Why You Need a Shareholders’ Agrement

British Columbia is home to a thriving small business economy. According to the B.C. Small Business Profile, in 2013, 43% of self-employed business owners carried on business through a corporation. It is quite common for the shareholders of a small incorporated business to be close friends, family, or to all work together in the business. These close relationships can be the basis for highly successful small corporations, when the parties are all getting along. Unfortunately many small businesses also collapse due to disputes among the owners. Usually these disputes are caused because one of the owners feels they are being short changed in the business, or that the arrangement between the owners has become unfair. Having a clear agreement that lays out the rights and responsibilities of each shareholder is one of the best steps that you can take to ensure that your small corporation does not ultimately fail or fall apart due to a disagreement between the shareholders. Even the exercise of drafting a Shareholders’ Agreement can help avoid disputes, because the shareholders are forced to turn their minds to the issues that might cause conflict, and decide how best to deal with these issues in a fair manner.

In British Columbia, the primary document that governs a corporation is its Articles. Corporate Articles provide rules for basic corporate governance, like how the directors of the corporation are elected, how the shareholders registry is maintained, and the procedures for shareholder meetings. What the Articles do not provide is a complete system for making decisions or dealing with the rights and responsibilities of the shareholders. The British Columbia Business Corporations Act (the law that governs B.C. corporations) does provide rules and protection for shareholders, but these rules are often not as detailed or comprehensive as many shareholders would like.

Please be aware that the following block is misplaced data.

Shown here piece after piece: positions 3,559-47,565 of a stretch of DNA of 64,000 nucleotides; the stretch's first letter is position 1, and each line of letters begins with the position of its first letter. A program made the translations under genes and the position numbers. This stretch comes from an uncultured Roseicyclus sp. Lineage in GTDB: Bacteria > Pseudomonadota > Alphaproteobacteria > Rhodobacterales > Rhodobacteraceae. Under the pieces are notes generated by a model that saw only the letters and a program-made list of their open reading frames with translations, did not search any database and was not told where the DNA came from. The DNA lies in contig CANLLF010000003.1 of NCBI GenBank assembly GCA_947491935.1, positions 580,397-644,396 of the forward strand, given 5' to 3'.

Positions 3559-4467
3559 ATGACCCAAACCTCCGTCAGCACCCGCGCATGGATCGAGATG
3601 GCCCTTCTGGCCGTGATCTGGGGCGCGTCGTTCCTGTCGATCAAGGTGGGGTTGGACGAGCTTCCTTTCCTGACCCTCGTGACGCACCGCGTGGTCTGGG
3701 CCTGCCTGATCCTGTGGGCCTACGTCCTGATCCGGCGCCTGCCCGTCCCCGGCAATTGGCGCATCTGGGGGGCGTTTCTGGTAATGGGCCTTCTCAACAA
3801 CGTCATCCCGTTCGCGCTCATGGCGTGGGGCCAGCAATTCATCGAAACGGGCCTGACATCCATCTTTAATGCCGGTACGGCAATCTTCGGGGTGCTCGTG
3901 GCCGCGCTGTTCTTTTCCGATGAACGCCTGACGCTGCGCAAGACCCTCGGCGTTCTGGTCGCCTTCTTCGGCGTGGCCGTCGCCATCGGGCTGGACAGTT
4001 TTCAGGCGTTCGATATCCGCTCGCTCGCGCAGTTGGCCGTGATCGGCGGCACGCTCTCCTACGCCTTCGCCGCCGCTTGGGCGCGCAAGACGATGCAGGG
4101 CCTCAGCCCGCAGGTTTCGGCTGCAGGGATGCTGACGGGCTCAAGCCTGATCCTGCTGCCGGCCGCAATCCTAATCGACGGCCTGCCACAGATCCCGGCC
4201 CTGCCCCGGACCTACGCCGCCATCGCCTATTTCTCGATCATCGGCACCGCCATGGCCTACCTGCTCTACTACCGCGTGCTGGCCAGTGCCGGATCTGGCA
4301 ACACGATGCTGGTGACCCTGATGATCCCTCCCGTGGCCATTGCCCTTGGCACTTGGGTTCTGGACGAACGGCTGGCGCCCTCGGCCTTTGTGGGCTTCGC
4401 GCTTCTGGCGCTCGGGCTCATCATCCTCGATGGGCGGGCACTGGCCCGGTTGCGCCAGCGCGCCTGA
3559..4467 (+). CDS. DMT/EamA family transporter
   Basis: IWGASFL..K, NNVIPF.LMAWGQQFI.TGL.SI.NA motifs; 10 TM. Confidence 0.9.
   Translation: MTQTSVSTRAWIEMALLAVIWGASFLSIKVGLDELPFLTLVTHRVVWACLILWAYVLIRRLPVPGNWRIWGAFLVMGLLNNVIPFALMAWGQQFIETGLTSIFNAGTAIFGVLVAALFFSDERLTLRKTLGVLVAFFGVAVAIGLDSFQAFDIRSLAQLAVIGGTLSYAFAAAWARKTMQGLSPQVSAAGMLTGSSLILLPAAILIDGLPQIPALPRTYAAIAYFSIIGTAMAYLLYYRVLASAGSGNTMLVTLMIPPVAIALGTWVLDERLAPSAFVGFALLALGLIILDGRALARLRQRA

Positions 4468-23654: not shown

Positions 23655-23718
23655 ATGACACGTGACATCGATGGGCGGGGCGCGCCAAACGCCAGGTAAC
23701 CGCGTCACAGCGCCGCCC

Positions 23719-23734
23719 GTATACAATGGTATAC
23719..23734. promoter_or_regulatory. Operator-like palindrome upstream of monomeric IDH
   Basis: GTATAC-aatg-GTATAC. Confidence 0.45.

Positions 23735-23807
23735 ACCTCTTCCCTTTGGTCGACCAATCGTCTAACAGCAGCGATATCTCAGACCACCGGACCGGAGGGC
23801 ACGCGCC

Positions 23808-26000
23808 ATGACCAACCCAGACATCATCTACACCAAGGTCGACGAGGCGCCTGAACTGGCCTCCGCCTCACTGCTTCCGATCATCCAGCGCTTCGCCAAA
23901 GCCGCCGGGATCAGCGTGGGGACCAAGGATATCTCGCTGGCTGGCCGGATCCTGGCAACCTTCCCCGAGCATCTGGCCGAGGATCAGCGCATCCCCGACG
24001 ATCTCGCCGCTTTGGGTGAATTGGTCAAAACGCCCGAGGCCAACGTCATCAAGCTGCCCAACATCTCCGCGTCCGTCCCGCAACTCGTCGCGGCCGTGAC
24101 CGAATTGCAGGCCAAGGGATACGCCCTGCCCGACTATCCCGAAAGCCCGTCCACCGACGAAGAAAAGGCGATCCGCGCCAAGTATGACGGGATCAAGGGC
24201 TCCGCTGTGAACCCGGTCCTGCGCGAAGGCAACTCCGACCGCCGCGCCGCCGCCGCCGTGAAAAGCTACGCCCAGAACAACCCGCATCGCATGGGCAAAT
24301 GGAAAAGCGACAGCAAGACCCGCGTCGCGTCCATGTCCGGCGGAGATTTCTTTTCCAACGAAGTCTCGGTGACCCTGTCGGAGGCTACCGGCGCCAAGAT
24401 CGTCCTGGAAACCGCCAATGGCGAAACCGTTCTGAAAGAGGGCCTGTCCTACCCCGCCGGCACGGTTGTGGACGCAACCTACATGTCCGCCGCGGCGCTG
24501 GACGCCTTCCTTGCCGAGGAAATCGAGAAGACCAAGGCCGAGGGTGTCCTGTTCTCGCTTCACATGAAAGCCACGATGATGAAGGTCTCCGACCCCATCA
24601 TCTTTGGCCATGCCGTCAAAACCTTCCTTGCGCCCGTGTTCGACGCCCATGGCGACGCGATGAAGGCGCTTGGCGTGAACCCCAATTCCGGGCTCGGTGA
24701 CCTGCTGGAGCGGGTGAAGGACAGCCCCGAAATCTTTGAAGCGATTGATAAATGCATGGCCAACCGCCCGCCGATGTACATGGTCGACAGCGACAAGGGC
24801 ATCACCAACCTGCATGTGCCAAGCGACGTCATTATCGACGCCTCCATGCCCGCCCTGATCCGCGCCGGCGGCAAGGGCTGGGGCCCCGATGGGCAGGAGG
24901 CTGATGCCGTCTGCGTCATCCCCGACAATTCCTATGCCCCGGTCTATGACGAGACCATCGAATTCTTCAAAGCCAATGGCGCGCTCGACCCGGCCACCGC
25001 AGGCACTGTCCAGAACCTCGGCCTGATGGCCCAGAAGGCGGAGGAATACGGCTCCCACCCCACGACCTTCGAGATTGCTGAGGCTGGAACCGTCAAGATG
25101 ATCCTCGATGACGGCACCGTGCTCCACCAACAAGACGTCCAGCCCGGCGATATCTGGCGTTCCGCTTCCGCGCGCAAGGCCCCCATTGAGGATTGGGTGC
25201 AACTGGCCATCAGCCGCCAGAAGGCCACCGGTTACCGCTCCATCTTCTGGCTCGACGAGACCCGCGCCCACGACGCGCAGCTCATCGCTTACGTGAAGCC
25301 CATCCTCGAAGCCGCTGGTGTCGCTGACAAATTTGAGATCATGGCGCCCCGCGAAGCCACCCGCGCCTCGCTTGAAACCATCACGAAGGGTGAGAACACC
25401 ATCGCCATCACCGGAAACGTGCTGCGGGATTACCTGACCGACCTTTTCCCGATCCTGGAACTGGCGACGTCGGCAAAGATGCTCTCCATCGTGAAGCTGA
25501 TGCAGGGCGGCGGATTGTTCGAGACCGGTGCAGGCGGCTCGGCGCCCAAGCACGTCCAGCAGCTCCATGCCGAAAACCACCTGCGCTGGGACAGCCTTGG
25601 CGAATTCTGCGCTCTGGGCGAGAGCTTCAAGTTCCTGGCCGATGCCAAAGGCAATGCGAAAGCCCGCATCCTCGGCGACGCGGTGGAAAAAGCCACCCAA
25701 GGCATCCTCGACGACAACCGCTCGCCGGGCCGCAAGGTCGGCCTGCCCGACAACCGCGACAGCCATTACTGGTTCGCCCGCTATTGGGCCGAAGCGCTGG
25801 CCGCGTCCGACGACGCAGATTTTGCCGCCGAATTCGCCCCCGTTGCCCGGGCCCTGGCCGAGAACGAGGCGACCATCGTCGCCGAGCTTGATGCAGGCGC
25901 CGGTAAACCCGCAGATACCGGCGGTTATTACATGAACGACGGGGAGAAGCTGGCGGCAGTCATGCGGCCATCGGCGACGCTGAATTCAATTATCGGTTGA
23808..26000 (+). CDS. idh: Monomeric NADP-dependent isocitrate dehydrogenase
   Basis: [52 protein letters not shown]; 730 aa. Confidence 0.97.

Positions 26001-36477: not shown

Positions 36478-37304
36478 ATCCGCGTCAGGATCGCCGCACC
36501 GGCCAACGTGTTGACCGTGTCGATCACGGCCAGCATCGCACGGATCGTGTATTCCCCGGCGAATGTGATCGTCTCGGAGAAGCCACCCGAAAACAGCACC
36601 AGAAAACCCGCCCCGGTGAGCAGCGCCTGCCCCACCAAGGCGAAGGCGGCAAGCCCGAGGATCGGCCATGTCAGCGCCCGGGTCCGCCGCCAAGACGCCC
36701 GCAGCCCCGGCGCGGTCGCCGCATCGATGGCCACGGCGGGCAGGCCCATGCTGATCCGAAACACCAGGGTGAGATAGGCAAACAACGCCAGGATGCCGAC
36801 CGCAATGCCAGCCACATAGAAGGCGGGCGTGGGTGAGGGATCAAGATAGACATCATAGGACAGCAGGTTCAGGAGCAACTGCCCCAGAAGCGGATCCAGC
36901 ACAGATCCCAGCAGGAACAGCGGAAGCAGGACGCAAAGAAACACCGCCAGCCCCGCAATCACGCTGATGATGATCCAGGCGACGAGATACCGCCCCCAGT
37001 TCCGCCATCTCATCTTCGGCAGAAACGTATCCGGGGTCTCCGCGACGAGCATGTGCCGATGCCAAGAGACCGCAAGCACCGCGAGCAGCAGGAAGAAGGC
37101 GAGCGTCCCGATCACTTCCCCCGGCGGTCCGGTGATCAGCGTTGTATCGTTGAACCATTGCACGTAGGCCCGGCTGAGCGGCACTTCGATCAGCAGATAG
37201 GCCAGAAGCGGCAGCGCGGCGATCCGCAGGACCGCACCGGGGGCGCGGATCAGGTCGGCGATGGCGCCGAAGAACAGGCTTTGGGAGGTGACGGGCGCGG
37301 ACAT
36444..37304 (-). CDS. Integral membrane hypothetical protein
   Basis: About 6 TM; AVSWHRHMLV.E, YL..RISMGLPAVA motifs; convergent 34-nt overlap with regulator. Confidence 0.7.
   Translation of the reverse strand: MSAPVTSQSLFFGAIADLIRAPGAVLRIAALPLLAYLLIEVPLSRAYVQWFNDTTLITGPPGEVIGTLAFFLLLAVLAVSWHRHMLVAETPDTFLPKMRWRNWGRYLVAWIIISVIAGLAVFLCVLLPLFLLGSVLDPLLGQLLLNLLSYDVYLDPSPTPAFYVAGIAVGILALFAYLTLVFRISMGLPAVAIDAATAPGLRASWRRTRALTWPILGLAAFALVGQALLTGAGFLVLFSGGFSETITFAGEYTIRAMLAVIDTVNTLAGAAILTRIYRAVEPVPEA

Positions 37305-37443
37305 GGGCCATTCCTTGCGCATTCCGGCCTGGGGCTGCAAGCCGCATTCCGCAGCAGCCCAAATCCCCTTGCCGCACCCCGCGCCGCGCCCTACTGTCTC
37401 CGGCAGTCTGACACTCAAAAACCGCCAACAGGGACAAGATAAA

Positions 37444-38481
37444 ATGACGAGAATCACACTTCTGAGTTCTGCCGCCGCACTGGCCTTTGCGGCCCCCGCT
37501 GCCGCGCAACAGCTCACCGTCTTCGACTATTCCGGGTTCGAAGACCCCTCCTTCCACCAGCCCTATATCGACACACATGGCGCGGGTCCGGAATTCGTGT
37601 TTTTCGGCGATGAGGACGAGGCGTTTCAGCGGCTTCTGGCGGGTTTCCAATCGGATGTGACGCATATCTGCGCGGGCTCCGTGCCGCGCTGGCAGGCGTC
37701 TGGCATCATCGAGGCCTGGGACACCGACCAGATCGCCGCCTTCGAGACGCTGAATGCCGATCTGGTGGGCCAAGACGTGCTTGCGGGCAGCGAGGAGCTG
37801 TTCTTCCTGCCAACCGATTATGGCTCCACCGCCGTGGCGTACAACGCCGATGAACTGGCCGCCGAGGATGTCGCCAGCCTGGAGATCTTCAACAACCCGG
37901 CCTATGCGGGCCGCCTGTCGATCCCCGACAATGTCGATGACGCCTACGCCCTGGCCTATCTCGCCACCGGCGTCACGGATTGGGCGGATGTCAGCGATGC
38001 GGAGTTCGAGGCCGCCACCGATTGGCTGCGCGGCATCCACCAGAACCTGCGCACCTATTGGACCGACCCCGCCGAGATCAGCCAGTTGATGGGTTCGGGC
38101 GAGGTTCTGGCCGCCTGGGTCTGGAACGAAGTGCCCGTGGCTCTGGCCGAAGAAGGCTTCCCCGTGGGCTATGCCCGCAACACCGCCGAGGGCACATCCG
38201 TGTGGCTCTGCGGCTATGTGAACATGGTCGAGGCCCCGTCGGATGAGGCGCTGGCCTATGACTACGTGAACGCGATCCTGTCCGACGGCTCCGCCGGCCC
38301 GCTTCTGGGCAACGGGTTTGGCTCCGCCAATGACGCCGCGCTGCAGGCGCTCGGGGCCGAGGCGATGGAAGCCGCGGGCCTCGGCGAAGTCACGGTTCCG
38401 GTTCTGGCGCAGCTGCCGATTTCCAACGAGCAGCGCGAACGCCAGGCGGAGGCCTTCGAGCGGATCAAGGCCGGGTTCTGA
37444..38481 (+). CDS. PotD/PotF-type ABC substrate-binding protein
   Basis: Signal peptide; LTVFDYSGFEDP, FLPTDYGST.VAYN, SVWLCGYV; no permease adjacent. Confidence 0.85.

A Shareholders’ Agreement on the other hand can, when drafted properly, provide a much higher level of detail for how the corporation’s business is operated, and what protections are in place for each shareholder. The biggest advantage of a Shareholders’ Agreement is that it can be customized to the specific situation of the individual corporation and its shareholders. The following are some of the issues that are commonly addressed in a Shareholders’ Agreement:

Restrictions and Rules on Transfer:

Small businesses are often intimately tied to the relationship between the shareholders. If you start a small company with someone, it is usually in part because you think that the other person is smart, hard-working, and will make a good business partner. What you don’t want is to dedicate time and money to a business only to have the other shareholder sell out their shares to someone else, someone that might be lazy, wasteful, or just a poor business partner.

Shareholders’ Agreements often deal with this problem by placing restrictions on the sale of the corporation’s shares. This can be done in a number of different ways, that each strike a different balance between restrictiveness and freedom to transfer your shares.

It is common to include a right of first refusal. In its most basic form, a right of first refusal means that before a shareholder can sell their shares to a third party, the shareholder must first offer their shares to the existing shareholders on the same terms and for the same price as they would offer the shares to a third party. This gives the remaining shareholders the chance to buy the shares themselves and avoid taking on another shareholder, and it allows the selling shareholder to receive payment for their shares.

Another common provision is to include rights of drag-along and tag-along for situations where a share transfer is going to take place. A drag along right is designed to make the shares more attractive to a third party buyer. Under this type of provision, if the third party buyer makes an offer for one party’s shares, they can trigger the drag-along provision and buy out all of the shareholders on the same terms – giving the third party total ownership of the company. This makes the company a more attractive target for acquisition because a buyer will know that they can buy the entire company and not be stuck with a minority shareholder.